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US battery manufacturers to trial Nano-Nouvelle’s innovative 3D nanotechnology

July 19, 2016 • News

Australian battery technology company Nano-Nouvelle has contracted two specialist US manufacturers to test how its groundbreaking 3D nanotechnology can improve their battery performance.

Image credit: nanonouvelle.com.au

Image credit: nanonouvelle.com.au

The companies, which manufacture high performance batteries for specialised industries such as aerospace, will test how Nano-Nouvelle’s Nanode nanomaterials work with their batteries.

Nano-Nouvelle CEO Stephanie Moroz said these high performance battery manufacturers were ideal partners for the company’s technology.

“They provide a great initial entry point for us. It’s hard to go from zero to high volume production, however Nano-Nouvelle is in a good position to support field trials by specialist companies, which work at smaller volumes, are less cost sensitive and are incredibly focussed on improving the performance of their batteries,” she said.

“As Tesla proved with its Roadster EV sportscar, this sort of low-volume, high-margin starting point can provide a high visibility platform to demonstrate the benefits of innovative technology, which can accelerate its adoption by mass market manufacturers.”

Nano-Nouvelle is developing groundbreaking nanotechnology that can increase the energy storage capacity of lithium ion batteries by as much as 50%.

Ms Moroz , who met with the executives from the two companies at the 18th International Meeting on Lithium Batteries, said the company’s focus has now shifted towards maximising energy capacity and performance lifetime for batteries that power electric vehicles (EVs), which last year passed the one million car milestone globally.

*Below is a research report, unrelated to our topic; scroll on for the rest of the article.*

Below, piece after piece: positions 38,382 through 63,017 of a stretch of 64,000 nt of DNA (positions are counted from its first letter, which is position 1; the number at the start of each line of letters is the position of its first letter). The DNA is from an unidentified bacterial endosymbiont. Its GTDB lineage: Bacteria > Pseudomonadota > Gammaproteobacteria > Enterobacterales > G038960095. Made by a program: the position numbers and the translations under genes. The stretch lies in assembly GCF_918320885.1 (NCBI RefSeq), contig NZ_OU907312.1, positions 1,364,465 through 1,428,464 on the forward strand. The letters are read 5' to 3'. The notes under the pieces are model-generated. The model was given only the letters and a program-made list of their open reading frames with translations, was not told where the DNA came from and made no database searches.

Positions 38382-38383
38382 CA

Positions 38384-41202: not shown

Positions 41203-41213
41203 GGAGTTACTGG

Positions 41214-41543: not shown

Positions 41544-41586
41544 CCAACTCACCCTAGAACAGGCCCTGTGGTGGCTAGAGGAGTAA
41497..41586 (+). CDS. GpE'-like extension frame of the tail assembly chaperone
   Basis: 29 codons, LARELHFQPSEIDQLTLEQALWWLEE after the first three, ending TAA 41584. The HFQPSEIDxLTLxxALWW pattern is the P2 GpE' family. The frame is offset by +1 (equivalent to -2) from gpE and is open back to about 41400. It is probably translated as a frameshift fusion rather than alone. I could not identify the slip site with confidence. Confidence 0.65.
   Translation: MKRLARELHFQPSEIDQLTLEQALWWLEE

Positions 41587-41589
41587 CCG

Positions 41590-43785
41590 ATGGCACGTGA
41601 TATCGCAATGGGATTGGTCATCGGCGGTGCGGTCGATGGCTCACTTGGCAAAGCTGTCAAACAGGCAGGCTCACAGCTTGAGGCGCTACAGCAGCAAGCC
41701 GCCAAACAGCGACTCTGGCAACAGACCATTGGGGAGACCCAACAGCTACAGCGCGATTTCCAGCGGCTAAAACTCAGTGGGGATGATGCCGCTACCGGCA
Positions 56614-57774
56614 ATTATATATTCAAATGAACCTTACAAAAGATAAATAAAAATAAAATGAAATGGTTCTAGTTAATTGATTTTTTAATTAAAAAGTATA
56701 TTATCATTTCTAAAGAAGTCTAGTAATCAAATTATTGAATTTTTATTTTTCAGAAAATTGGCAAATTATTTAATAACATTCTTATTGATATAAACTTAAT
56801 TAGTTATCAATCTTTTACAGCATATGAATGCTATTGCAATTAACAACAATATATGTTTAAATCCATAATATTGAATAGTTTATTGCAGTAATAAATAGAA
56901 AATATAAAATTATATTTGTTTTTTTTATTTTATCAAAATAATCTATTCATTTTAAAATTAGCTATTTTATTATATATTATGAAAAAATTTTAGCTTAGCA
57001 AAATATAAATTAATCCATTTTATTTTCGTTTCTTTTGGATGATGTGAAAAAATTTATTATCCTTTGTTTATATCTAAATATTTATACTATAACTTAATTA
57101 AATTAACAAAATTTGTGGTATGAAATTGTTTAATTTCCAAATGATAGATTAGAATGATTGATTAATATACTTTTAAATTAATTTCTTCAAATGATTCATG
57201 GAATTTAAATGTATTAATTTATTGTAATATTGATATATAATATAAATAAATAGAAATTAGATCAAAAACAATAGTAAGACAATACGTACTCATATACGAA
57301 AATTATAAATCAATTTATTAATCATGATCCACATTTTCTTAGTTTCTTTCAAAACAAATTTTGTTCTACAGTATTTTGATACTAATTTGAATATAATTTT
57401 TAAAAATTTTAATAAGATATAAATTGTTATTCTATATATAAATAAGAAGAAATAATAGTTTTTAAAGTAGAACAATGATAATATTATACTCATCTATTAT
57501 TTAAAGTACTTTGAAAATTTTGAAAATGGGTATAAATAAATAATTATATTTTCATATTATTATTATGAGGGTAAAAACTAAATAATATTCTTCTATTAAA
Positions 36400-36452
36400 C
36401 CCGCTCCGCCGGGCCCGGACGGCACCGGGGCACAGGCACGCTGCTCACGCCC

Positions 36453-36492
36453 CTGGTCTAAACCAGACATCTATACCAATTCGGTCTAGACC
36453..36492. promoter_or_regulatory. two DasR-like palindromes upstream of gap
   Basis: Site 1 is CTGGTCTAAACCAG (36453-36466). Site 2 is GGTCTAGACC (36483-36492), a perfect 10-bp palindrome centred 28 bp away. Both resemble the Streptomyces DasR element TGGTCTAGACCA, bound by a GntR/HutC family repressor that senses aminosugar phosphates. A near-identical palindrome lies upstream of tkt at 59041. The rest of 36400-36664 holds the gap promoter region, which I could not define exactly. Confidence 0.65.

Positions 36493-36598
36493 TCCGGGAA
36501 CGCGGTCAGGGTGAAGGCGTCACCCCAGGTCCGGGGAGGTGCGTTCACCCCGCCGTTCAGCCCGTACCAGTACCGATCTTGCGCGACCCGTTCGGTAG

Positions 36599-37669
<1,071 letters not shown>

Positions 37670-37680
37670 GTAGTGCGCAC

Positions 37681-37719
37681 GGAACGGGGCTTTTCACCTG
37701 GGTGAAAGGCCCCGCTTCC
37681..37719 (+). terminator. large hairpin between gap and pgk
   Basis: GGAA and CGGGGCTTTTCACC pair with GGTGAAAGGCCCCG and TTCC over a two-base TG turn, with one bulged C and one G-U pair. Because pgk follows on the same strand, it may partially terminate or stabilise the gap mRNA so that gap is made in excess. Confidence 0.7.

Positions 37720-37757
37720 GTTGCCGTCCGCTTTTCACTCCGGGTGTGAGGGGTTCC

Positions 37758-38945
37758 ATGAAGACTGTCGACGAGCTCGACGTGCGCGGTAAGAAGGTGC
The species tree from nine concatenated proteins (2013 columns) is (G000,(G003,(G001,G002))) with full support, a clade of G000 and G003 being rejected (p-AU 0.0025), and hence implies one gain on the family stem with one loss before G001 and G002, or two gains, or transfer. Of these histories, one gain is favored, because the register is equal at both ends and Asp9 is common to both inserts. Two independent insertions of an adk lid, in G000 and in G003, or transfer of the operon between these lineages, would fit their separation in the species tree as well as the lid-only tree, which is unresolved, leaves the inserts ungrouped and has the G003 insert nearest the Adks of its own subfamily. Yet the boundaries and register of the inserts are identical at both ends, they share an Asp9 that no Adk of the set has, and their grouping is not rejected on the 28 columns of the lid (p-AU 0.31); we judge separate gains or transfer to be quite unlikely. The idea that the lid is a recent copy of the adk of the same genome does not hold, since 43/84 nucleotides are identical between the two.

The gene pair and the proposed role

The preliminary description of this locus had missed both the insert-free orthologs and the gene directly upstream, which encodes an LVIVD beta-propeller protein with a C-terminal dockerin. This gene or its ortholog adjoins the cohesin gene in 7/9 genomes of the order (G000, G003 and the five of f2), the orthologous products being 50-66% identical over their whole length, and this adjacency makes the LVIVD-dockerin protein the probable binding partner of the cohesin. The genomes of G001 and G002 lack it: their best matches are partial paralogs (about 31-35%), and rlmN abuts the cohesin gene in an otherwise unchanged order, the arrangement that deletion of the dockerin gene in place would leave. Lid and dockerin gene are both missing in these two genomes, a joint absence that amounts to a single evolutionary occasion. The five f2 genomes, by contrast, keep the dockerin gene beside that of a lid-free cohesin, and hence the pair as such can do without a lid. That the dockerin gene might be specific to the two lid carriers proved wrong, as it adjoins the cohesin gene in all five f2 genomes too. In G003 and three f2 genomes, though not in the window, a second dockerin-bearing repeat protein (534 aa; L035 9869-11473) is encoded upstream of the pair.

“Whereas two years ago, it was mainly about portable electronics and wearables, the focus is now on batteries for EVs and energy storage,” she said.

“People want to drive EVs and put energy storage batteries in their homes, but the delay between a scientific breakthrough and a commercial product can take as long as 10 years. The good news for us from this conference is that the battery industry has stopped chasing blue sky technologies to focus on improving lithium ion performance, which is where our products can deliver real value.”

The company’s core technology, the Nanode, overcomes the current limitations of high energy and high power batteries by using nanotechnology to create a conductive membrane with complex 3D surfaces.

This patent-protected technology pushes the boundaries of high performance battery electrodes, effectively laying the foundation for a new generation of high capacity batteries.

Ms Moroz said Nano-Nouvelle was already working with specialist battery manufacturers and mass market companies to demonstrate that its technology not only improved battery performance, but could also be deployed easily into existing production systems.

“We’re looking to make it plug and play for battery manufacturers,” she said.

“Our goal is for them to take our electrode, match it with their other components and run it through their standard assembly processes. While they end up making higher performance batteries, the actual production deployment will require minimal effort on their part.”

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